That’s right, there’s a nice shower he can go to afterwards! But Elliot [Macbeth] plays it beautifully and obviously it’s a man beside himself when he sees the vision of the ghost of somebody he’s ordered, or knew he’d just ordered, Banquo’s been killed under his instruction.

PS:

And by the end of that scene, do you think Ross is beginning to have his doubts?

JD:

Most definitely, most definitely, I mean he’s just watched the person who he’s put his store by behaving like a raving lunatic, literally. And then we find out that Banquo’s not turned up, he’s not there, and that he’s dead and then we have, after that scene I have a very poignant moment, a scene with Lennox where I lay my cards on the table, really. And we decide to do something about it. I certainly sort of recruit him into my confidence about what I know.

PS:

So that banquet is the hinge for you?

JD:

That’s the hinge, yeah, that’s it, already my cousin has said he’s not hanging around, he’s going, someone I trust and love and I thought, well, let me give him a chance and then we see this at the banquet and I just think, well, he’s completely unhinged, and that’s moment I think. We put wheels in motion.

PS:

Yes, and then the next time we see him after the scene with Lennox, you’re committed to the new cause really.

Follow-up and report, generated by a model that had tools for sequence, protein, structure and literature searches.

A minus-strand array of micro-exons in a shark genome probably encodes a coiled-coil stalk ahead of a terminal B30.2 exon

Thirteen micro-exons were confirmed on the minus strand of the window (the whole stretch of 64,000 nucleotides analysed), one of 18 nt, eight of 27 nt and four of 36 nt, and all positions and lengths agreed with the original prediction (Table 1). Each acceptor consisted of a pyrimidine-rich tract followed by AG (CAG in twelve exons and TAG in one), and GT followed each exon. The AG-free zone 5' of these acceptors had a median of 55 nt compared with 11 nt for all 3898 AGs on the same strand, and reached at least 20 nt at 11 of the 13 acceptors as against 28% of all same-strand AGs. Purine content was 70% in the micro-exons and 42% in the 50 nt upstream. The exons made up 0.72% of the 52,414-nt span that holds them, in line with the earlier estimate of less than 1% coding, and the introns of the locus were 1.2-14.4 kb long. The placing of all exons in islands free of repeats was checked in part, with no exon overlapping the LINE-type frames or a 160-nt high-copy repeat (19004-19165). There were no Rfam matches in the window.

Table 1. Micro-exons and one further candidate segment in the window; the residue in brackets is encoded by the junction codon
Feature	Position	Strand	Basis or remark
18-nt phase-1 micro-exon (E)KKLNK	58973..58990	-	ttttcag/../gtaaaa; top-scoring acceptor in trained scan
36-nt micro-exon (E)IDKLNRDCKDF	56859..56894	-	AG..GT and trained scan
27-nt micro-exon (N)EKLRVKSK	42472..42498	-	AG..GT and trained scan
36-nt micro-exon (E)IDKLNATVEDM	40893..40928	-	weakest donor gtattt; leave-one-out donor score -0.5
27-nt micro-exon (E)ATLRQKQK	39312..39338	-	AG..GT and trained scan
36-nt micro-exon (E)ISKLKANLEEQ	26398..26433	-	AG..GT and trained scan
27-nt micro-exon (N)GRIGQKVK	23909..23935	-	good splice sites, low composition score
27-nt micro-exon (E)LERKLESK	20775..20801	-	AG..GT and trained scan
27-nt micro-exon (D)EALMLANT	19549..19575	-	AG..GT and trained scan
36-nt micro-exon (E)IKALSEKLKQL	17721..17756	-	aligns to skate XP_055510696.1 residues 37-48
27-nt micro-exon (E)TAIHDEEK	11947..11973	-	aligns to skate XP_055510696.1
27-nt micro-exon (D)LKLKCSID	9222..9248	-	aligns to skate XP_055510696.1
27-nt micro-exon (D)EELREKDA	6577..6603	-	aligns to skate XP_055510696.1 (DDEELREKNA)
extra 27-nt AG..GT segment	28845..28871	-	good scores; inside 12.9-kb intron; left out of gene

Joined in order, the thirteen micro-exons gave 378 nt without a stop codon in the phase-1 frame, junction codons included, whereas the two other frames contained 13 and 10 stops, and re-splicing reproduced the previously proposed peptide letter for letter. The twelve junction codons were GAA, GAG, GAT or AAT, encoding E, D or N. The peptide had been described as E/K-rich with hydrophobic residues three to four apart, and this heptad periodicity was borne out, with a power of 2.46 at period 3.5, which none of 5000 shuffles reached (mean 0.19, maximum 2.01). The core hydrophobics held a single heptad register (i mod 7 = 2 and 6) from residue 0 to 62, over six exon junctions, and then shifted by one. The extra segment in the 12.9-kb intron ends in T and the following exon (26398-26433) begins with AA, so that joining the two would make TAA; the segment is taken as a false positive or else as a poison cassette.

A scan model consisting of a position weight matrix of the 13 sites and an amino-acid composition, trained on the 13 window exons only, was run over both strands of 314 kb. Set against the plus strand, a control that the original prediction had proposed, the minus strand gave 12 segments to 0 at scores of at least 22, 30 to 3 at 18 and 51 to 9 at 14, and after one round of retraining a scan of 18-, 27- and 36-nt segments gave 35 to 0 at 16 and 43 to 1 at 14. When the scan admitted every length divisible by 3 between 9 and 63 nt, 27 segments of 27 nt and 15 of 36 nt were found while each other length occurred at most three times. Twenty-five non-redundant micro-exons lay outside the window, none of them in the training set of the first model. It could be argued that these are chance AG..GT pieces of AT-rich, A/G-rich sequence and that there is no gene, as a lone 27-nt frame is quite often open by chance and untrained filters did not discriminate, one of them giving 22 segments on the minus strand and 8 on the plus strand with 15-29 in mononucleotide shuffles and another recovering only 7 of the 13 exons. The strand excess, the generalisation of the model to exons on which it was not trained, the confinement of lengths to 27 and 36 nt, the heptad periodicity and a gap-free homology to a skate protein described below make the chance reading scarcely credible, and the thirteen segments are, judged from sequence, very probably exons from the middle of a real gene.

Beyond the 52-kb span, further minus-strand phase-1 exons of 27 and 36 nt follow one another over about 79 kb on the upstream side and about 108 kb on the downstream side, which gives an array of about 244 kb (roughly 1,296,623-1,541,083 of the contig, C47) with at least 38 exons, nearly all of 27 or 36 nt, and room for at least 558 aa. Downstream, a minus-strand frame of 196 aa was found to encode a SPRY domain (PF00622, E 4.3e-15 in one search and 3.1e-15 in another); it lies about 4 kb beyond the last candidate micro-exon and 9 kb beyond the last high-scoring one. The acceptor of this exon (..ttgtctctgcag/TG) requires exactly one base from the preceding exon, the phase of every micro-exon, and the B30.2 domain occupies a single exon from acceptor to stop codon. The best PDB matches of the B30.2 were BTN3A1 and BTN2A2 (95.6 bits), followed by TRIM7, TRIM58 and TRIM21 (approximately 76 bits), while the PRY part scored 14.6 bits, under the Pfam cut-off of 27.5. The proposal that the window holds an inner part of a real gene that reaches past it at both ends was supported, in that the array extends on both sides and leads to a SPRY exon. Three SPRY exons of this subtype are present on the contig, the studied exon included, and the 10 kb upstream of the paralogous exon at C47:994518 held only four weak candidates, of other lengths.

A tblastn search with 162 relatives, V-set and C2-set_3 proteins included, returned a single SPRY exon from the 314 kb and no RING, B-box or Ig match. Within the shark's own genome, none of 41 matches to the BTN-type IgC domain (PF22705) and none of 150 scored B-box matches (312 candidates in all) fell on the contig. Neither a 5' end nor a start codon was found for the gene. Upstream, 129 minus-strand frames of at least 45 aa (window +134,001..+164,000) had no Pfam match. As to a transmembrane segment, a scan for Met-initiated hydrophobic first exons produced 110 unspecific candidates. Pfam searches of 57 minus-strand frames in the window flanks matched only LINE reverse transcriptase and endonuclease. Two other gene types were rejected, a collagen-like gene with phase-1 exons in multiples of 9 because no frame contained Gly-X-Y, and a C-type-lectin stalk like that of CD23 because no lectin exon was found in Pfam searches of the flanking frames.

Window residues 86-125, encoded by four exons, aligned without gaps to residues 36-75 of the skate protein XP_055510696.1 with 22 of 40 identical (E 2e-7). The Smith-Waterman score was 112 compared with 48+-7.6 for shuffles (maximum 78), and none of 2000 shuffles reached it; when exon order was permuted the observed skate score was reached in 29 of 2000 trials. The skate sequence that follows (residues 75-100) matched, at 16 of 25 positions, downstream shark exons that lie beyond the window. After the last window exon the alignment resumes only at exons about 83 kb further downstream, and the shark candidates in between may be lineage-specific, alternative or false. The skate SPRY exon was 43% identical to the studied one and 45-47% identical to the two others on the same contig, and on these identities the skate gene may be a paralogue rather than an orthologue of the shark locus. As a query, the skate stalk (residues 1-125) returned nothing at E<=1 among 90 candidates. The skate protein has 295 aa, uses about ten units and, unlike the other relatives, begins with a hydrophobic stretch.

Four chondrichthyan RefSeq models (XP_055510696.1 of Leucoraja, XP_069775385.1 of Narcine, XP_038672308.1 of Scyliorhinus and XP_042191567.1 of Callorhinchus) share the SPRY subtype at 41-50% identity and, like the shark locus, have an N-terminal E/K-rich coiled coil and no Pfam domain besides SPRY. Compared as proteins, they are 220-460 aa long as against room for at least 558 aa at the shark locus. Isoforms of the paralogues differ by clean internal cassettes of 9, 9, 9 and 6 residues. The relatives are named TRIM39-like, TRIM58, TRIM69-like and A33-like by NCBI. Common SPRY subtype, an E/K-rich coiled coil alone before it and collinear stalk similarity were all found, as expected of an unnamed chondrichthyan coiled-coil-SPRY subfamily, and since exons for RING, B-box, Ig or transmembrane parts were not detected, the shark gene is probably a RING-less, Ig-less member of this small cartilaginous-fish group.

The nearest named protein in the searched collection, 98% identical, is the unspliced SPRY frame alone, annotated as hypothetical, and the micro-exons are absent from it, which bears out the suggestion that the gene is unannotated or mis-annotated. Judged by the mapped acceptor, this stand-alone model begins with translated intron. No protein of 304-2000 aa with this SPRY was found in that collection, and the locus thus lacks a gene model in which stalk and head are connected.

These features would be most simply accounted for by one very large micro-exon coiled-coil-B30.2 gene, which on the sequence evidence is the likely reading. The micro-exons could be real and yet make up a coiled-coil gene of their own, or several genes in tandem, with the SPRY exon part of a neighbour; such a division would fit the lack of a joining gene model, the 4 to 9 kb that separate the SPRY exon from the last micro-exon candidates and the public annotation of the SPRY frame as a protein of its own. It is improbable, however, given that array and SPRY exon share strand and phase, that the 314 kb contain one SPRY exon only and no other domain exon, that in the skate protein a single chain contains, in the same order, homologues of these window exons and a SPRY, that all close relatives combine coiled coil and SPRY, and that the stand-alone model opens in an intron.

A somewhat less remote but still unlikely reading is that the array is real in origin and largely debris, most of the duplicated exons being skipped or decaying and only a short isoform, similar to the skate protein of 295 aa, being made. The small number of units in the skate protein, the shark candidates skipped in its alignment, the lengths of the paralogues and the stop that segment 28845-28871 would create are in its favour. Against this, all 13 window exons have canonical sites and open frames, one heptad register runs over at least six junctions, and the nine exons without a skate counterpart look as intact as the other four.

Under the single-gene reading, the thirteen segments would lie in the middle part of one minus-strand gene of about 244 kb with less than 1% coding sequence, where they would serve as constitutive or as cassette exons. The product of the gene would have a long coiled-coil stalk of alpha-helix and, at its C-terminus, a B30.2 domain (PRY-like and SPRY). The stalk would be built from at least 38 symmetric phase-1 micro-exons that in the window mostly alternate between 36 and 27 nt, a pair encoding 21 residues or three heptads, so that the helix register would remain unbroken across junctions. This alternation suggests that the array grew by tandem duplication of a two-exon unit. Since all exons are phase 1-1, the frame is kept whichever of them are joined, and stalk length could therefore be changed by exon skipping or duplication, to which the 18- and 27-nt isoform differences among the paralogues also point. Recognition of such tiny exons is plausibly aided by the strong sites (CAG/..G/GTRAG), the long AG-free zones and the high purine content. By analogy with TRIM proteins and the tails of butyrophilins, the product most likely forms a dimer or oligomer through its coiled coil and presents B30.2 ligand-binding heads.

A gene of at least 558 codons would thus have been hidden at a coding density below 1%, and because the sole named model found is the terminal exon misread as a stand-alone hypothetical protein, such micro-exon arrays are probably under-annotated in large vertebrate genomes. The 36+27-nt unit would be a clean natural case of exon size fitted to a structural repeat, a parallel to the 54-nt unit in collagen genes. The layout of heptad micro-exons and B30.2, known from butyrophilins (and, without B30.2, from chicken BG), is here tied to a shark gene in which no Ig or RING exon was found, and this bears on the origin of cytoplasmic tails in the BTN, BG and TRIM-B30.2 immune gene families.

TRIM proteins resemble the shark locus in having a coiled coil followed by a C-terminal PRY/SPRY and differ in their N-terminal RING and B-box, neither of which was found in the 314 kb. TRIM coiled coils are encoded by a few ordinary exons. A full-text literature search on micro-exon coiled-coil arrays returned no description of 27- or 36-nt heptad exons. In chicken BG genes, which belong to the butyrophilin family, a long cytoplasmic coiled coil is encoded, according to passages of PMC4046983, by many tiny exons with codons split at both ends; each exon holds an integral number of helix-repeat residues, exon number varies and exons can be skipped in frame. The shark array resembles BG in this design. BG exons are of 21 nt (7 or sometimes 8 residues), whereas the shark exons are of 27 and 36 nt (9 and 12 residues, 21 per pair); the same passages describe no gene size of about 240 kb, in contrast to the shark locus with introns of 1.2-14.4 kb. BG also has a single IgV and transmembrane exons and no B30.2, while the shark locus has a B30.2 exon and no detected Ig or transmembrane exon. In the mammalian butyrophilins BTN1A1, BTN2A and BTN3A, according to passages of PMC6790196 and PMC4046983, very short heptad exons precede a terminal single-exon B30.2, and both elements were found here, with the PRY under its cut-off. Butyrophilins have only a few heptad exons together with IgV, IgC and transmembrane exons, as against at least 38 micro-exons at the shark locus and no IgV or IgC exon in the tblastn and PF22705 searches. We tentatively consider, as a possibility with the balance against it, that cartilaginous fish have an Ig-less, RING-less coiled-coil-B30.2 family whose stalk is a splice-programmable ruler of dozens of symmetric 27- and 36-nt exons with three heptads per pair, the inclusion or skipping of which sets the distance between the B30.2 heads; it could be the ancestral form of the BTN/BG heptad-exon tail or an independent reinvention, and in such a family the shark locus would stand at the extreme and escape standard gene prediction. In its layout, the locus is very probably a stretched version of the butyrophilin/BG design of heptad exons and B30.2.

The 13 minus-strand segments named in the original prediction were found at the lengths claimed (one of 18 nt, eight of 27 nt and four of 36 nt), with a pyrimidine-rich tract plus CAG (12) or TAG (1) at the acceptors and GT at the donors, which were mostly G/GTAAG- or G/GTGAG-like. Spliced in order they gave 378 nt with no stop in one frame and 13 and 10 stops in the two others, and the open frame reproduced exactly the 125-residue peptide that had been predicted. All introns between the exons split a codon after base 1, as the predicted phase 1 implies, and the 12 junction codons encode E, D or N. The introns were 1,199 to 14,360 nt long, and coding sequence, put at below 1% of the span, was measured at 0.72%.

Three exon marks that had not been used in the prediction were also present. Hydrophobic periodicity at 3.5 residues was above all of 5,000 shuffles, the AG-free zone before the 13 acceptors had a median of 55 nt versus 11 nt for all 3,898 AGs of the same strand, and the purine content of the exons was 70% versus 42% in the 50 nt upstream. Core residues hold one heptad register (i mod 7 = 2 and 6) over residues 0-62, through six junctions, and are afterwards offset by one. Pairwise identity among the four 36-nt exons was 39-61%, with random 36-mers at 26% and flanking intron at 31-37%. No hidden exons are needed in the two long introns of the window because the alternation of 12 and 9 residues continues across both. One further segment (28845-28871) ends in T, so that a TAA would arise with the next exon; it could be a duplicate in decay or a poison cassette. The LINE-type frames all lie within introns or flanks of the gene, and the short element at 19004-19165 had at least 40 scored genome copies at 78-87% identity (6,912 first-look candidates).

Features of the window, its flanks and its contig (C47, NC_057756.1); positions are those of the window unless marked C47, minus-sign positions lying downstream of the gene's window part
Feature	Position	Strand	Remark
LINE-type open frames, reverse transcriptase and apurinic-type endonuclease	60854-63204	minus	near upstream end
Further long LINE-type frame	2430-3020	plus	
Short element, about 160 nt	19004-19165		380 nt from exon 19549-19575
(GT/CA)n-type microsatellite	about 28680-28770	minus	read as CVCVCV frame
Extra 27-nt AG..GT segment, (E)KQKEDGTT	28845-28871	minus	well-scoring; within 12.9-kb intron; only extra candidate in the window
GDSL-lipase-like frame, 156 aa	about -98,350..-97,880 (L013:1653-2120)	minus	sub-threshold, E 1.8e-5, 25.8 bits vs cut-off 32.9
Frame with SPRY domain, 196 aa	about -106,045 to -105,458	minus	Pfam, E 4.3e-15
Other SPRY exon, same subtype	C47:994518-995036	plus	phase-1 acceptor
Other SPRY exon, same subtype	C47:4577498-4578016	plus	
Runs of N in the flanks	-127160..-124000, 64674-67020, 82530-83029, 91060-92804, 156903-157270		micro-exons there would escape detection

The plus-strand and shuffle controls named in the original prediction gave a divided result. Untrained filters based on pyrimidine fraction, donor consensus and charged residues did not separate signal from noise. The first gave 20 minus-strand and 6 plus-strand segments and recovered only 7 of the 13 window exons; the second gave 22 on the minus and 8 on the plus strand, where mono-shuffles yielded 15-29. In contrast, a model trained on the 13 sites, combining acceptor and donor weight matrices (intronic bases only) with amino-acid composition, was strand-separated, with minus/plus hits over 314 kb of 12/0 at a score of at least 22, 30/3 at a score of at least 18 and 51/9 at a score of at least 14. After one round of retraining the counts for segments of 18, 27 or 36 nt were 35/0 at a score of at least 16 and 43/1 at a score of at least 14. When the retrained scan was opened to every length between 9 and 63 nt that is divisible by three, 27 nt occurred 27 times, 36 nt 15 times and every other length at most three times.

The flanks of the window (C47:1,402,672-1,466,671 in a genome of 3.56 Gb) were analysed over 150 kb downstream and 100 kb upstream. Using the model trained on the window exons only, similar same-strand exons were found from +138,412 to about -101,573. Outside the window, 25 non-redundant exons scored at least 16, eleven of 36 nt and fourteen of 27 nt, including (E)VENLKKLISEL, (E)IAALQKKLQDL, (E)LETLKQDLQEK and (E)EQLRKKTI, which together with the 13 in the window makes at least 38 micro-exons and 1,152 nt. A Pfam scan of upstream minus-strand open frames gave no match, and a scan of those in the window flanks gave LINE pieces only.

JD:

I am committed to the new cause, I have a scene with Lady Macduff when I think that I can protect her by not giving her too much information, and of course she’s not protected. I don’t suspect Macbeth would even do something as awful as killing her and her children. And I think that I’m protecting her by not giving her too much information about where her husband has gone and why he’s left and so forth. And I think it’s sad that her husband has had to leave her at this time, but she’ll be fine. And of course she isn’t. That’s a huge mistake that I make, and as a consequence of that I have to deliver the news to Macduff that Macbeth has killed his wife and all his children. And I don’t think I ever really recover from that. That’s a huge mistake on my part.

PS:

To what extent does Shakespeare tell you where you’re going, and to what extent do you have to work it out for yourself?

JD: